Review: Kokandy Productions Presents Scandalous Teens and Schemes in Cruel Intentions: the ’90s Musical
What says snobby teens with step-sibling issues and boy band music cruising the airwaves better than the movie Cruel Intentions? It was a movie made for the’90s. It was a perfect take on Dangerous Liaisons with the same sinister undertone of louche behavior and cruelty, but with wealthy teens from the Upper East Side of Manhattan. What could be better? Sex, drugs, and more sex in Cruel Intentions the ’90s Musical! Kokandy Productions brings a welcome tonic of raunchy punchlines, ’90s music, and choreography to a musical just in time for summer. Director Adrian Abel Azevedo brings considerable directing experience to the table for a well-polished musical in a black box theater. This Cruel Intentions is not nearly as melodramatic as the movie or as mannered as the films Valmont (1989) or Dangerous Liaisons (1988) a decade earlier. This is a tragi-farce because there is that whole crushing revenge element to the musical but how they get there is mostly hilarious.
Kathryn Merteuil (Maddison Denault) and Sebastian Valmont (David Moreland) are step-siblings with some unhealthy ways of amusing themselves while rambling about their lush surroundings. They attend an exclusive school and “summer” whereas the rest of the schmoes have to get a summer job. Maddison Denault is a sizzling Kathryn with amazing eyes and stage presence. She is dressed in what would be considered “Material Girl” style in a corset chastely under her school jacket and a lovely cross—filled with cocaine. Denault is not an Xray sylph like the character is portrayed on screen. Hers is a buxom vixen with wild hair and quite the voice. Moreland gives off that pleased boredom of the wealthy lay about. His walk and approach are more cocksure than merely confident. Moreland has a fine voice and his character is given more emotional range, which does not tip into mawkish. Kathryn wants revenge on an ex-boyfriend by having Sebastian nail his new “chastity before marriage” girlfriend—Annette Hardgrove (Kelcy Taylor). Sebastian wants revenge on busybody snob Bunny Caldwell (Elizabeth Lesinski) for spreading his bad reputation around. He asks Kathryn to facilitate a sting on Bunny’s daughter Cecile (Anabella Oddo) so that he can take her virginity.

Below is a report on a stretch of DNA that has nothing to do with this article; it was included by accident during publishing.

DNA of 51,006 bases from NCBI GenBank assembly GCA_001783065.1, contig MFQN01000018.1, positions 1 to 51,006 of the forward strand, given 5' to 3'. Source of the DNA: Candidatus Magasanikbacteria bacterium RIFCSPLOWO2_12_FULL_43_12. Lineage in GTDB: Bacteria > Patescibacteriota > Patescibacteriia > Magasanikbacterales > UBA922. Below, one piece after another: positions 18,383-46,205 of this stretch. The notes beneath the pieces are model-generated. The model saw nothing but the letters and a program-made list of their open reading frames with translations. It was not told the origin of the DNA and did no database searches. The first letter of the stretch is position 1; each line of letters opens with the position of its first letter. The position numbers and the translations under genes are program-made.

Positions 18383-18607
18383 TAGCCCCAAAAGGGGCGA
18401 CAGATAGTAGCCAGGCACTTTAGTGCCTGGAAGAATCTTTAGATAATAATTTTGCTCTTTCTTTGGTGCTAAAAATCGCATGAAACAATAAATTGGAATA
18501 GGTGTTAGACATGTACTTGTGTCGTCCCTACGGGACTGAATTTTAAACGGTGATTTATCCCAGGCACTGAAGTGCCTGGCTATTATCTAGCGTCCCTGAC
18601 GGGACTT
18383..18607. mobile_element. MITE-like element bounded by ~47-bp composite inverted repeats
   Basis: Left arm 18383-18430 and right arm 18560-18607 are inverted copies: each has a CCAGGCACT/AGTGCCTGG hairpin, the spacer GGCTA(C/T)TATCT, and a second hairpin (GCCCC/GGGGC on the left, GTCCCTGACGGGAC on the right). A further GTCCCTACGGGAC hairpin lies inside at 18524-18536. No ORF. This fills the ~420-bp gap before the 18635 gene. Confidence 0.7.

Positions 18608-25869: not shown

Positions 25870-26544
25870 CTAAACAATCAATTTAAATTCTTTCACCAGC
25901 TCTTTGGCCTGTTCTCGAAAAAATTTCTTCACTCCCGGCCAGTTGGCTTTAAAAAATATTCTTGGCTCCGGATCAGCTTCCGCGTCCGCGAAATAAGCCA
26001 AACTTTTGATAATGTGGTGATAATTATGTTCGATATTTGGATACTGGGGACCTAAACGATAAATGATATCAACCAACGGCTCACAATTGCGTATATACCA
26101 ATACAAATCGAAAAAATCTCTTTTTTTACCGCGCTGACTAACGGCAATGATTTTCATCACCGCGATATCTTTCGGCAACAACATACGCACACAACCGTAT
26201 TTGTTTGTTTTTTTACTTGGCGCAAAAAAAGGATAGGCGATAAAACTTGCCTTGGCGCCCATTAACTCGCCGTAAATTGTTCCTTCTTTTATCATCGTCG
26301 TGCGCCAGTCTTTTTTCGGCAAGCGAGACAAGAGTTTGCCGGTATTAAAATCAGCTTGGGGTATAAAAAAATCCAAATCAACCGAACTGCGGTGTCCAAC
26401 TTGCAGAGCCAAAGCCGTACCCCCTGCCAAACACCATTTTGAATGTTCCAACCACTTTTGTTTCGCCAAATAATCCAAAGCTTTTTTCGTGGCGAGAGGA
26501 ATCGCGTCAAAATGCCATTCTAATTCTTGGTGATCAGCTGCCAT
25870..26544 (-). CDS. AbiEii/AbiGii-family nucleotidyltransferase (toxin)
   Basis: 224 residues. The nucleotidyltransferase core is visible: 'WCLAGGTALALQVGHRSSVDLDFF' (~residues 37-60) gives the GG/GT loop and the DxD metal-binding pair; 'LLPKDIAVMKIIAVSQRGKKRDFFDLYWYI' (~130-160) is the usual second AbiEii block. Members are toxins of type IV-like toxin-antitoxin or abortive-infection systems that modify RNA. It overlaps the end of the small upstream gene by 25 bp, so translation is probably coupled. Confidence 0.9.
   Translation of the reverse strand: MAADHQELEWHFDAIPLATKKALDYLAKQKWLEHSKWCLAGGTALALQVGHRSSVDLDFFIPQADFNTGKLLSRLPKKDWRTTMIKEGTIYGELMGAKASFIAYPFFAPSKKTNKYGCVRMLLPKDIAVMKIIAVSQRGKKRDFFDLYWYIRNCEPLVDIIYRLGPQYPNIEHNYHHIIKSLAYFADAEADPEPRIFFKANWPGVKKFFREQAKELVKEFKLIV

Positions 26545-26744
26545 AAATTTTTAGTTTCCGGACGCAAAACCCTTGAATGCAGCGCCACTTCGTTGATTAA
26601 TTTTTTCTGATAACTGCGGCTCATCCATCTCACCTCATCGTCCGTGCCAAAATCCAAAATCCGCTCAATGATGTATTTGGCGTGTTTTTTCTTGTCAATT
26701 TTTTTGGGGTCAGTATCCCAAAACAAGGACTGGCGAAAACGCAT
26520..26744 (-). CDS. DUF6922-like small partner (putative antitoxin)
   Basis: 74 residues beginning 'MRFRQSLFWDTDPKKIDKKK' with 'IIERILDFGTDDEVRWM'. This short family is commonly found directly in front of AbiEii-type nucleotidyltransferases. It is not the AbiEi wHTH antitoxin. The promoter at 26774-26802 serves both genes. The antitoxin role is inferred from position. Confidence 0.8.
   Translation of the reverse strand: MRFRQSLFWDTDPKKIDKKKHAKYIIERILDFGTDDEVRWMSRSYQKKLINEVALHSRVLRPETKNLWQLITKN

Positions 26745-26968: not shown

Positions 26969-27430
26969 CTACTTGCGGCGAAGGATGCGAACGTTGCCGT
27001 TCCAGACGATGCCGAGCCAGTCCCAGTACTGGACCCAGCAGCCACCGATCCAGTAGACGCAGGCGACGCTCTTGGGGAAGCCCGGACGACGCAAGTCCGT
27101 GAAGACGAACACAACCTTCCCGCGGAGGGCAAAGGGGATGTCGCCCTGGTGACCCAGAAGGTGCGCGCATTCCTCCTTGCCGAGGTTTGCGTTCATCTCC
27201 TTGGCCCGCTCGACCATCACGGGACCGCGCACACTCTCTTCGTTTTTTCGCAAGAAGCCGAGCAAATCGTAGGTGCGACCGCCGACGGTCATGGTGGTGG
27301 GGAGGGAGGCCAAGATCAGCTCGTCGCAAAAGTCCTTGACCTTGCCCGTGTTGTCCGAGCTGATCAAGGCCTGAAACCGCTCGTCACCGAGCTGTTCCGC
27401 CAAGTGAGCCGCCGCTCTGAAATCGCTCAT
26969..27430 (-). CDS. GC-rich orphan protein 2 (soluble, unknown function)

The schemes ensue with a playlist right out of MTv. The ensemble cast sings really well with some difficult harmonies and remember, that a lot of autotune cleaned up some ’90s music. Music director Isabella Isherwood pulls some really great cool performances out of some actors who do not have great singing voices. Isherwood curated a playlist that covers the ’90s decade with songs from No Doubt, Garbage, Goo Goo Dolls, and N’Sync. I almost fell off my chair when Bunny Caldwell (Lesinski) busted a move to No Scrubs when she caught Cecile’s Black (gasp!) music teacher Ronald (Lucas Looch Johnson) giving her daughter an innocent smooch. Anabella Oddo is hilarious as the innocent Cecile who cannot keep her legs together literally. Oddo does some great physical comedy and her expressions are scene-stealing. Johnson has a brief comic turn as he assures Bunny that “this Black man is leaving!”)
Moreland and Taylor have good chemistry as Sebastian and Annette. Taylor plays the chaste but intelligent young woman who is not down for games. She doesn’t get any of the comic lines but she makes her putdown of Sebastian funny. There was a gay blackmail subplot that I would have liked to see more of with Justin Grey McPike as Blaine and Jimmy Romano as closeted jock Greg. Cardwell makes a vacuum cleaner joke that got a big laugh and he has great comic chemistry with Romano. The dance numbers have the boy band moves and some others that I had forgotten and I’m hopeful no one ever saw me do them. Director Azevedo stages the movement of the actors really well. The dance numbers and some crowd scenes make creative use of the small space.
The set design for black box can be tricky and set designer Mara Ishihara Zinky does an excellent job by keeping the furnishings spare and mobile. The shadow play on red velvet-covered windows is a nice touch with backlighting and some interesting use of fruit. There were some off moments with the sound. Some of the cast members can belt a song and hold the long dramatic ending notes. The sound was not well balanced for those moments but otherwise done very well by Lynsy Folckomer who was also mixing a live band. The finale was the entire cast singing the Verve’s Bittersweet Symphony. It was the end music for the movie and it was fitting, I find it even more fitting in this musical because of the harmonies and the entire cast doing some wonderful chorus harmonies. I liked this show and I had my daughter Ahndrea to tell me who originally sang what. She is a ’90s girl and really had a great time. I recommend Cruel Intentions the ’90s Musical for some good summer fun. I don’t know what is appropriate for kids these days but there are a lot of allusions to sexual activity and strong language. You be the judge of what you may have to explain.
Cruel Intentions: the ’90s Musical is playing at the Chopin Theatre (Studio) at 1543 W. Division St. through August 21. Performances are Thursday through Sunday. Tickets are $40 regular and $30 for seniors and students. There are limited $15 student tickets. For more information, please visit www.kokandyproductions.com. Covid precautions are in place at Chopin Theatre. Please bring your vaccine card and a mask is to be worn at all times in the theater. Keep the actors, yourself and the audience safe. It’s Hot Theater Summer!
For more information on this and other productions, see www.theatreinchicago.com.
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